Watch Out for VA Pension Benefit Scams
Learn how to spot common pension benefit scams and protect your pension from shady professionals who claim they are “helping” you.
War-time veterans and their survivors who are in financial need may qualify for Veterans’ Affairs pension benefits. While these funds are intended for those who have sacrificed for our country, sadly, there are scammers who see a pot of money and devise ways to “help” that in reality will cost you more money.
These offers may sound like a good deal but they rarely are. Their pitches are often based on half-truths, so they sound realistic – but they don’t tell you the whole story and they don’t warn you about long-term consequences.
The Federal Trade Commission warns veterans that many of these scammers are attorneys or insurance agents who hold seminars that appear legitimate. Sometimes these seminars are held in assisted living facilities, or advertised in the newspaper.
They will make claims like:
“We’ll show you – for free – how to qualify for your benefits and stay in your home.”
“We guarantee you’ll get your Aid and Attendance pension.”
Their guarantees can sound reassuring, but if they’re charging you money, there’s something in it for them. Be sure to know what you’re qualified for, and you shouldn’t have to give up any of your money to apply and receive a pension that you’ve earned with your service.
Know what you’re eligible for
The first step is to know what you’re eligible for. Veterans over 65 who have low income may qualify for pension benefits, for themselves or their survivors. Additional benefits may be paid for vets or surviving spouses who require daily assistance, or who are housebound. Veterans’ who have a service-connected disability may qualify for veterans’ disability benefits.
You can apply for pension benefits online with the VA’s online benefits portal or contact your VA Regional Office. There is no application fee and no charge for the forms. To learn more about veterans’ disability benefits, see our other articles on this website. All of these resources are free.
There is no fee to apply for your benefits, and in fact there is a law prohibiting any agent or attorney from charging you to file an application for benefits. There are two important distinctions: First, an attorney can charge a fee to advise you about which benefits you’re eligible for, but once you decide to file, they can’t bill you any further during the initial filing process. Second, an attorney can charge fees to help you appeal if your claim has been denied.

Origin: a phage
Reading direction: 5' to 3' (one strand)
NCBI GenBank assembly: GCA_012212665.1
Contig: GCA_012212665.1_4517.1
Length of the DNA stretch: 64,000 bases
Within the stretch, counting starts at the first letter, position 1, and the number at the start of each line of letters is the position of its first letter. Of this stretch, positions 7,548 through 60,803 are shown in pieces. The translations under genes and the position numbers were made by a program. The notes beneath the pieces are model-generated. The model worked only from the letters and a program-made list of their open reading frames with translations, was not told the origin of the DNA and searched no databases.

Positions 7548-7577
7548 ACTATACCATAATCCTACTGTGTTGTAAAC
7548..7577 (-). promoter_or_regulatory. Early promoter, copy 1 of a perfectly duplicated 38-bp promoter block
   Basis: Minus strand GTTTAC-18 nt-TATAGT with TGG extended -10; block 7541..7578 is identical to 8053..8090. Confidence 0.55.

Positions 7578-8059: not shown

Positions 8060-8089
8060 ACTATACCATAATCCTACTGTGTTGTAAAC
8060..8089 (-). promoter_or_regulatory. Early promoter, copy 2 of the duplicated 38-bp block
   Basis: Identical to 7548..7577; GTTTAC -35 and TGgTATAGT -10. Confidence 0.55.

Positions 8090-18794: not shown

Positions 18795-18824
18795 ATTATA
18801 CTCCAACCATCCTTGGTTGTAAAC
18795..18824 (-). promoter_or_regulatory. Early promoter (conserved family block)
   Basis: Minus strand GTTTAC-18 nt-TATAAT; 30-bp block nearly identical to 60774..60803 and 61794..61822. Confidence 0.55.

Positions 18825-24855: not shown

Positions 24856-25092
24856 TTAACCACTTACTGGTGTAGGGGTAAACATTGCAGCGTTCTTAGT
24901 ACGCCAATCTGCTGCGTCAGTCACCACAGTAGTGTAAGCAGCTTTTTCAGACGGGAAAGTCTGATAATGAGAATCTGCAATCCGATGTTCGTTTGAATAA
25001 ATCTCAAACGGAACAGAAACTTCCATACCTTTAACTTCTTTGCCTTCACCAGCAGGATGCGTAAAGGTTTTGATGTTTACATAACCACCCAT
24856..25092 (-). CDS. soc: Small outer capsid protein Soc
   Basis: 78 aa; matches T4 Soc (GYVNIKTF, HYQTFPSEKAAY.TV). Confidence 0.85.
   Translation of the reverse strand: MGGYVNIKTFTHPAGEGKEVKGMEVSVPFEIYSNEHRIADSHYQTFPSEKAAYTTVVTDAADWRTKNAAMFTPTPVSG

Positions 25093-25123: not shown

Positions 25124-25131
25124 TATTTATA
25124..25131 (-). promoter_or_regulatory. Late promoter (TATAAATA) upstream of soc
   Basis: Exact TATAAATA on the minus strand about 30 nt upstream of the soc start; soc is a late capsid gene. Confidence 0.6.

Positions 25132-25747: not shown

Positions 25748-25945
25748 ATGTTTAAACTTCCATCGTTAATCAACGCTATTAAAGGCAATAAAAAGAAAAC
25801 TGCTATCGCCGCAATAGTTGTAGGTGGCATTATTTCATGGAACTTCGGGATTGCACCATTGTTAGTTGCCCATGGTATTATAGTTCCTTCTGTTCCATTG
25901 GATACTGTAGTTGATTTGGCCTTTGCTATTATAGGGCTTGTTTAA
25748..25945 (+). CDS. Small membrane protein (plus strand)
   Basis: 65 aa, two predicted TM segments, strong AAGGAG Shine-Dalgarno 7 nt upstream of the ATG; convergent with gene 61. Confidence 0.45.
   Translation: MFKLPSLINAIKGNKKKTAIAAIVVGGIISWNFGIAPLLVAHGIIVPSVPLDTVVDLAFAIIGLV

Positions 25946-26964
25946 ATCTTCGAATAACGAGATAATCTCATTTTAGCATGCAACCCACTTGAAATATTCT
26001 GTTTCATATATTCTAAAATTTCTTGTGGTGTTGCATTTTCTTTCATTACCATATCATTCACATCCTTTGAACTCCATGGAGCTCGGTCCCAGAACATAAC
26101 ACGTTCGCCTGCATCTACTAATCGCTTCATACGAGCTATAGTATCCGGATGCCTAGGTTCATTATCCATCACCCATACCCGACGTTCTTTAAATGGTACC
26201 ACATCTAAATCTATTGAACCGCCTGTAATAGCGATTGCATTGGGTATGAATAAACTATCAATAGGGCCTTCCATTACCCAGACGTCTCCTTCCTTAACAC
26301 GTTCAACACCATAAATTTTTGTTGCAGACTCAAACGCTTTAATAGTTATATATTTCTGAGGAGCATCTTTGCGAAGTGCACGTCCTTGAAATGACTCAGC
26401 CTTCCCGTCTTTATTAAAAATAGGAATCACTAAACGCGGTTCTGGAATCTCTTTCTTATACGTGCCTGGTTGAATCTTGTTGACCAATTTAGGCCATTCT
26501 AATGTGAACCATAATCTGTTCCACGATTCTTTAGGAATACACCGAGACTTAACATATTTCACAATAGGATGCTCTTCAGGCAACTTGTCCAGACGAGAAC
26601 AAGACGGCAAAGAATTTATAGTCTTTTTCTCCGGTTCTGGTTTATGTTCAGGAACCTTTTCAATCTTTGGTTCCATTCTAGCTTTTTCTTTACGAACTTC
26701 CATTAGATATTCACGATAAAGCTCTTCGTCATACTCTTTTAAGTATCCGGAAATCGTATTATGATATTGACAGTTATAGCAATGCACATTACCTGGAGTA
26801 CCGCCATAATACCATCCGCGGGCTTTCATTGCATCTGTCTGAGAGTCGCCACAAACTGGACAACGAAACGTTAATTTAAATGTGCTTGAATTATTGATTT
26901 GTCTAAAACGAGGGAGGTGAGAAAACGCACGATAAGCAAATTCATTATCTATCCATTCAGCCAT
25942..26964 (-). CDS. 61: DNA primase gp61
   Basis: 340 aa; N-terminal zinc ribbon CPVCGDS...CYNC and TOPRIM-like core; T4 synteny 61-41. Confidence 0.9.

Any professional who helps you with your claim must be accredited by the VA. You can look online at the VA website to see if someone is accredited. The VA accredits three types of professionals to help you complete and file pension claims, so be sure you’re talking to one of these:
- Representatives from VA-recognized Veterans Service Organizations
- Independent claims agents
- Private attorneys
Beware of offers to “help” you qualify for benefits by moving around your assets. While anyone would want to maximize their chances to qualify, within legal limits, these offers can contain several traps. First, you may not actually qualify and may later be required to repay the benefits paid. Second, in shifting assets around to qualify for veterans’ pension you might then be ineligible for Medicaid benefits.
These scammers often try to convince you they can “help” you qualify for supplemental Aid and Attendance benefits by transferring your assets to a trust. All of these “deals” contain the same unintended adverse effects for you; meanwhile the scammers gouge you with fees. Experts advise that you be fully informed of the long-term consequences of any offer and consult a trusted VA accredited financial adviser before agreeing to anything,
After you qualify for benefits
Once you qualify to receive benefit payments, the Consumer Financial Protection Bureau (CFPB) also warns veterans to be weary of any professional who tries to market financial products around your pension benefits, like trusts or annuities. Annuities for older veterans can create problems, such as tying up your funds and leaving you without access if you need without having to pay a high penalty.
Another scam is to offer you a lump sum payment now in exchange for your future monthly disability or pension benefits. Assigning your benefits is prohibited by law, but scammers find ways to structure the swap to make it look legal. Even if they come up with a legal scheme, a swap will generally not be a good deal. The CFPB offers this scenario to consider: Say you receive $2744 in monthly benefits, and a company offers you a $73,000 lump sum payment now in in exchange for your future benefits for 10 years. At the end of 10 years, those benefits added up to a staggering $256,293, which is a 45% interest rate.
Typically these schemes are sold on a promise to benefit you, but in all cases, you will probably end up with less than you would have. The CFPB recommends that if you need emergency funds talk to a trusted financial expert who can give you objective advice.